I love this woodcut by artist Robert Hodgell. The first time I used it was on a banner for a day of prayer (you’ve also seen it before in RW). Because of the line work, we knew that it would be impractical to use cut fabric. We considered using paint but were afraid that the lines could not painted on fabric as solid as the original print. So we decided instead to glue black thistle seed to the white fabric. It took us forever, but the natural unevenness of the seed added an appropriately rough texture. In the darkened sanctuary, the stark black and white of the hanging had a powerful effect.
Getting started can be the toughest part. After all, we want our visual work to engage God’s people. We want to move them to praise or bring them to a deeper understanding of ideas they may have only thought about so far with words. Sometimes it helps to ask this question: Do we want to show something as it is, or as we would like it to be?
Put Away the Happy Colors
For the issue of justice, for example, we could have done a blue and green globe circled by people of all shapes and colors and costumes holding hands. A pleasant image. But stronger and more effective, I think, is to represent the state of justice in our world as it is. Not very pretty. A figure, arms raised heavenward, pleading for mercy.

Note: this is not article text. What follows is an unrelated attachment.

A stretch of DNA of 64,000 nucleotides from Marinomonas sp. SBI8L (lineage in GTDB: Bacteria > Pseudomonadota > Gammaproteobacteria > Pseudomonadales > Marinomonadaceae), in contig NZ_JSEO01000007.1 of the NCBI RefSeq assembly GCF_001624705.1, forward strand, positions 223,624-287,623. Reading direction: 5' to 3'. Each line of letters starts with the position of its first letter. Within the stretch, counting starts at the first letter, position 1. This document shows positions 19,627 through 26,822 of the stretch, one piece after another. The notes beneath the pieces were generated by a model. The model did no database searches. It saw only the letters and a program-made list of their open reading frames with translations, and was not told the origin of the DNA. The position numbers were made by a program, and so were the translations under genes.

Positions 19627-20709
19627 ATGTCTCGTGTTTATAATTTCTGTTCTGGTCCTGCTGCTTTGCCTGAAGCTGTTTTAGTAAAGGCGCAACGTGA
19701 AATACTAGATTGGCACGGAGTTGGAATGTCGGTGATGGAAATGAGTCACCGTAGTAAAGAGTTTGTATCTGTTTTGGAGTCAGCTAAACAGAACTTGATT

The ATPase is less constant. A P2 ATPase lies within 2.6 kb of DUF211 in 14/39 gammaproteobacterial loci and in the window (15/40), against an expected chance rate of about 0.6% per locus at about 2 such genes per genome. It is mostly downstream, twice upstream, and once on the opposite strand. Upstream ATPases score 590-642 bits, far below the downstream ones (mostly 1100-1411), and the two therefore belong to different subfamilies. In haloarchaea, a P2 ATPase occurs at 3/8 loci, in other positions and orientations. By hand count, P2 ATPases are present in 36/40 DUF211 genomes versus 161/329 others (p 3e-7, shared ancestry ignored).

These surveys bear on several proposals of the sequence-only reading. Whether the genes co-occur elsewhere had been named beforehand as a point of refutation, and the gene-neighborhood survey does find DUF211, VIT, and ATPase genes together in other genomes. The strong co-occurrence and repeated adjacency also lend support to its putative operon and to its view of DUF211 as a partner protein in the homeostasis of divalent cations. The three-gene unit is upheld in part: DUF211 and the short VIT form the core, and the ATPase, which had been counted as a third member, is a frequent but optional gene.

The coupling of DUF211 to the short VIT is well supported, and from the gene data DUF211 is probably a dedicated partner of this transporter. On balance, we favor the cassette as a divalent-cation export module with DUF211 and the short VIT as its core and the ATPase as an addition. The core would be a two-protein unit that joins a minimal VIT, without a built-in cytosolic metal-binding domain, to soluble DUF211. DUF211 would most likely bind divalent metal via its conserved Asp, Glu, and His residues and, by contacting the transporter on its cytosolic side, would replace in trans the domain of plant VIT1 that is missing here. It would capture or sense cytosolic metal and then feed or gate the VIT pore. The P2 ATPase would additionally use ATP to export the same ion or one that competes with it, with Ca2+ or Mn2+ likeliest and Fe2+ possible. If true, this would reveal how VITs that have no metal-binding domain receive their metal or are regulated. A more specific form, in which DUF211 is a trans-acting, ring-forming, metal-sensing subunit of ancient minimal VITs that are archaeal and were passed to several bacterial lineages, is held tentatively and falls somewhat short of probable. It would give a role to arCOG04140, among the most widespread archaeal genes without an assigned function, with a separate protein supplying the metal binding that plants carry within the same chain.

With Robert Hodgell's permission, I’ve simplified the lines of his original woodcut. For your reproduction of this art, you could use seed as we originally did.* Or, to achieve a similar rugged look, cut irregular pieces of black fabric and glue them down, in mosaic fashion, along light pencil lines you’ve drawn on the fabric. Whatever you do, don’t paint this human form in natural colors of skin and hair. The focus needs to stay on the upward movement of the figure, not on any particular detail.
* Some years later, when we retrieved our banner from storage, we found out that the prayers of some church mice had been answered. It was obvious that they’d enjoyed more than one meal of white glue and thistle seed!
Download the 1pg/36k banner pattern.
Download the 2pg/116k PowerPoint® projection file or the 1pg/96k projection graphic.